The Cabinet Member for Regeneration and Education, with permission to speak, referred to a recent meeting of the Budget Forum which, she advised, recognised that since 2012 schools had been funded above the IBA, with Headteachers being fully involved  in developing the new funding formula.  In querying a potential increase in Council Tax, the Cabinet Member for Regeneration and Education advised that this had not yet been agreed.

 

In response to a query regarding school balances and whether these could be utilised for any shortfalls, it was noted that the balances as at 31st March were estimated at £2.9m, with the majority contained within the Primary Sector (£1.9m). A number of schools had carried over balances in order to undertake various works i.e.  refurbishments.  The Directorate was regularly monitoring schools which habitually carried over balances in excess of guidance amounts but could reassure Members that these were relatively low in number.  The Interim Director advised Members that financial regulations required a local authority to instruct a school to spend before it could claw back funding and in the event fundings is clawed back it must be redistributed using an agreed formula.

 

Following the responses received, it was subsequently

 

RECOMMENDED – T H A T the amended Revenue Budget for 2016/17 as set out at Appendix 1 to the report be noted.

 

Reason for recommendation

 

In recognition of the contents contained therein and the responses provided at the meeting.

 

 

605     INITIAL CAPITAL PROGRAMME PROPOSALS 2017/18 (IDLS) –

 

The Principal Accountant commenced by advising the Committee that Appendix 1 to the report detailed the financial progress on the Capital Programme as at 30th September, 2016 and that the changes outlined below had been reflected in Appendix 2 to the report.

 

St. Brides Expansion – An emergency power had been approved on 17th October, 2016 to increase the budget to £510k in order for the scheme to proceed.  This was funded from S106, and included £10k brought forward from 2017/18.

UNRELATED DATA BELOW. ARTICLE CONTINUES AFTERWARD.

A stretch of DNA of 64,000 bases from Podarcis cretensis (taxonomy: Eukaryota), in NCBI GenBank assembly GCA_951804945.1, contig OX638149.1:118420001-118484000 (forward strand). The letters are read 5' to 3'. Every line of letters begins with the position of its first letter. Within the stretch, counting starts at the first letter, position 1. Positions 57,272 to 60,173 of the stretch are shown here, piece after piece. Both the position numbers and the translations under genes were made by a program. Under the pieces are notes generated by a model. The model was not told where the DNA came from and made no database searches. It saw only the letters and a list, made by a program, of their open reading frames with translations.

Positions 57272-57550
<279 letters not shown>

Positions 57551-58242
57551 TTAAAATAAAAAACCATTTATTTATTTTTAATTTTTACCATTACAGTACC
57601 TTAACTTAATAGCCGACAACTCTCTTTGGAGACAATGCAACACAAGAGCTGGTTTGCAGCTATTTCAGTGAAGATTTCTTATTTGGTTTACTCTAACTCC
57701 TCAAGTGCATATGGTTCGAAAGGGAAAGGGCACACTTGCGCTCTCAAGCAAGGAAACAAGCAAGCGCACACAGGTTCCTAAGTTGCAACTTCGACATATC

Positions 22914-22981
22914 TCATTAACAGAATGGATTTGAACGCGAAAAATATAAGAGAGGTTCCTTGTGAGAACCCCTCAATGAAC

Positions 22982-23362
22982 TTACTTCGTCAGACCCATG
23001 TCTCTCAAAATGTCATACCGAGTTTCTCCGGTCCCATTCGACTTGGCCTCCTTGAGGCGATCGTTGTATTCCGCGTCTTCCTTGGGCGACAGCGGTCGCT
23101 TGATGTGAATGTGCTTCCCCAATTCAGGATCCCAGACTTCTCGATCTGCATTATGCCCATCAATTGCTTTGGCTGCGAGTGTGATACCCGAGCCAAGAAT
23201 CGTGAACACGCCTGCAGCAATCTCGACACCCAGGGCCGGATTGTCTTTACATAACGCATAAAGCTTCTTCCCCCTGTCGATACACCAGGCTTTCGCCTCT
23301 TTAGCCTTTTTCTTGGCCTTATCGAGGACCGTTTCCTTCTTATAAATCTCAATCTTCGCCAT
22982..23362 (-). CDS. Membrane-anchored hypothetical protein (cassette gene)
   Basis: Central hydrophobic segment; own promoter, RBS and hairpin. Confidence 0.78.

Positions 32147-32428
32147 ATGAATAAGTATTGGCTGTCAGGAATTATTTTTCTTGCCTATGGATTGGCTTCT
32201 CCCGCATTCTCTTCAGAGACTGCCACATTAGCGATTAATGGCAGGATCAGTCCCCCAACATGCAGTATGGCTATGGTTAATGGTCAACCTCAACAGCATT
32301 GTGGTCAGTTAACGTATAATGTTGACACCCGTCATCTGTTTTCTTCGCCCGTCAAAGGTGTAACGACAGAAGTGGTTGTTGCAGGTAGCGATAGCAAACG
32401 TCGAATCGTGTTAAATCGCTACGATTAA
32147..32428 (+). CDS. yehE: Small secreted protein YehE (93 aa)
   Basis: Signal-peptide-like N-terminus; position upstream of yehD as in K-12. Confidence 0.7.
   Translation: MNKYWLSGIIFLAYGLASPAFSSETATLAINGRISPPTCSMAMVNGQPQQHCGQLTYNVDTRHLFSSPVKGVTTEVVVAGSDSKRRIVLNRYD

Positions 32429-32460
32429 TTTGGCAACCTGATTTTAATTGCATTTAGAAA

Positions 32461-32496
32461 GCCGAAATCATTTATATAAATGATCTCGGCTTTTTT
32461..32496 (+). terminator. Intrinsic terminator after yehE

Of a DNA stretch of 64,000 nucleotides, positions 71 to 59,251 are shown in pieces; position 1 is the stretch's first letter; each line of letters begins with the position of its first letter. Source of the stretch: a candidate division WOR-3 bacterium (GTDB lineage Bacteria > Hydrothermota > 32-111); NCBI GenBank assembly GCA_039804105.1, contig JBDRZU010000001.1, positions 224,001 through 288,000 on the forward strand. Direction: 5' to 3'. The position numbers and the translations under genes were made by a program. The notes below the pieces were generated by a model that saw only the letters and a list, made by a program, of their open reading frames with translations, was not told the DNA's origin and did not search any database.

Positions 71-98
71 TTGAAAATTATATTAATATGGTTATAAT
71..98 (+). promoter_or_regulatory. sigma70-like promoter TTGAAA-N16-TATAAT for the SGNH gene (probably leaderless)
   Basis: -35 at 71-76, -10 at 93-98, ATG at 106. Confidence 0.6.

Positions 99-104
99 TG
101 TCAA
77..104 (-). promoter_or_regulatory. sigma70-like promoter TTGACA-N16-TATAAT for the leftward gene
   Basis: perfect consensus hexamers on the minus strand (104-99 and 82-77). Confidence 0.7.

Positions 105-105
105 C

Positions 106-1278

Victorian Schools – External consultants were being appointed to project manage this scheme with the aim of appointing contractors in March 2017 for works to start during Easter 2017.  The project would be split between a number of contractors to ensure that the high priority repairs were completed as early as possible and all works were completed by March 2018.  It had therefore been requested that £1.2m be slipped from 2016/17 to 2017/18.

 

The Welsh Government (WG) announced the provisional 2017/18 General Capital Funding on 19th October, 2016.  The 2017/18 Capital Settlement was a flatlined capital settlement which for the Vale of Glamorgan Council equated to General Capital Funding of £5.405m which was made up of £2.045m General Capital Grant and £3.360m Supported Borrowing.

 

There was no indication of the level of funding likely beyond 2017/18 and therefore in line with the approach adopted in the Medium Term Financial Plan, the proposals assumed a reduction of 10% for each year of the Programme from 2018/19.

 

Appendix 2 to the report set out the Initial Proposals for the Capital Programme between 2017/18 and 2021/22 for schemes relating to this Committee.

 

The Council would seek to mitigate the projected deteriorating funding situation by looking to progress only those schemes which were deemed to be a key Corporate Priority and make a clear impact to the Wellbeing and Future Generation priorities. The Council would seek assurances that schemes included in the Capital Programme could be delivered on time and within budget.